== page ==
The finished syahi is the most distinctive part of the tabla. It has a greater impact upon the tone than any other part. For a further understanding it is necessary to understand how membranes resonate.
A membrane stretched over a hoop with uniform tension resonates in a most unmusical manner. It is an inharmonic spectrum with no clearly defined fundamental. Across the world there are two approaches to modifying the drum's tonality. One approach is to further muddle the harmonic structure. The "snare" on a snare drum is a well known example. This has been a common approach for many Western drums for centuries.
A completely opposite philosophy exists in efforts to give the drum a more defined pitch. A classic approach is to attach the membrane to a resonator and use the membrane to excite the resonator. Such an approach is found in the timpani and conga. Of relatively recent origin (in the West) are methods involving the modification of the membrane itself. Stories abound of conga players who take a heavy hide and sand the periphery of the skin so that the finished drumhead is thicker in the middle and thinner at the edge. Another example is the adhesive dots placed at the center of many marching drums. For both cases, the increase in mass in the center serves to make the membrane vibrate in a more harmonic fashion.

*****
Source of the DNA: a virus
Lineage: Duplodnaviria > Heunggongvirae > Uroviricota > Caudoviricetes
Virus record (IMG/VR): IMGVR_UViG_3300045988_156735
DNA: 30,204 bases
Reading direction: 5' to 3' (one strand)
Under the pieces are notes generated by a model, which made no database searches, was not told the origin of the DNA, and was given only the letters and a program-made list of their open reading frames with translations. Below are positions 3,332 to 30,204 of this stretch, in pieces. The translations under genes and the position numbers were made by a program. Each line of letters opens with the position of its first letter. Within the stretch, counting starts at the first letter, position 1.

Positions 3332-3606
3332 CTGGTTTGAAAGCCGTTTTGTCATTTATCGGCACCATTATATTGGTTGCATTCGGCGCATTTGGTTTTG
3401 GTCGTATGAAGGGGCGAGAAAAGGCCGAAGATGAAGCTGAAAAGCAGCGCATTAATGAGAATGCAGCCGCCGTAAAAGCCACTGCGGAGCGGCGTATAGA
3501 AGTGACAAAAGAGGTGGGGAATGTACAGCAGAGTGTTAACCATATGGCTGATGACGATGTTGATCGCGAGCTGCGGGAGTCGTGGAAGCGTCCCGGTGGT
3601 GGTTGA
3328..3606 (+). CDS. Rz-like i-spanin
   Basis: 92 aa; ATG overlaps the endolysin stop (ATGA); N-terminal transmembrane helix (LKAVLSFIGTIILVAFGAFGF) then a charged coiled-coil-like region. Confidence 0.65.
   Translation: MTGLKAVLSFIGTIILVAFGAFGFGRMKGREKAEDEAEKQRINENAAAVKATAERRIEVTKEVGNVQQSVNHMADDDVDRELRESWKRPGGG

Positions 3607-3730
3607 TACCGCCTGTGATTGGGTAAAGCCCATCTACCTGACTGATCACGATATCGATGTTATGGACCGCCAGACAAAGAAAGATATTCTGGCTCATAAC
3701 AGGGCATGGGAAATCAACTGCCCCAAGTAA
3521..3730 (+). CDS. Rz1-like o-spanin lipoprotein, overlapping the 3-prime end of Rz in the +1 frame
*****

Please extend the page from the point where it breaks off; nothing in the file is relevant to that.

This is exactly what the syahi does. It produces a more clearly defined harmonic and therefore a more clearly defined pitch. (Strictly speaking the fundamental is absent in the tabla however this topic is covered in another paper). One of the ramifications is that a change in the tabla can be effected by changing the syahi. Therefore it is quite common to find tablas made of the same thickness skin, on the same size rim, with the same tension yet having very different musical pitches. This is because a thick syahi will naturally resonate at a lower frequency than a thin one.
There is one caveat which must be kept in mind. The shape of the syahi is very important. The syahi will always be thicker in the center than at the edge, but by how much? If the geometry is not correct then many of the resonance modes will not converge in a proper way. The sound will be dissonant with different strokes evoking different pitches. This is unacceptable to Indian music which require a clearly defined tonal base.
There is one more point to keep in mind. We applied the syahi in numerous thin layers. However it no longer behaves in this manner. The key to this lies in the network of cracks which permeate the syahi.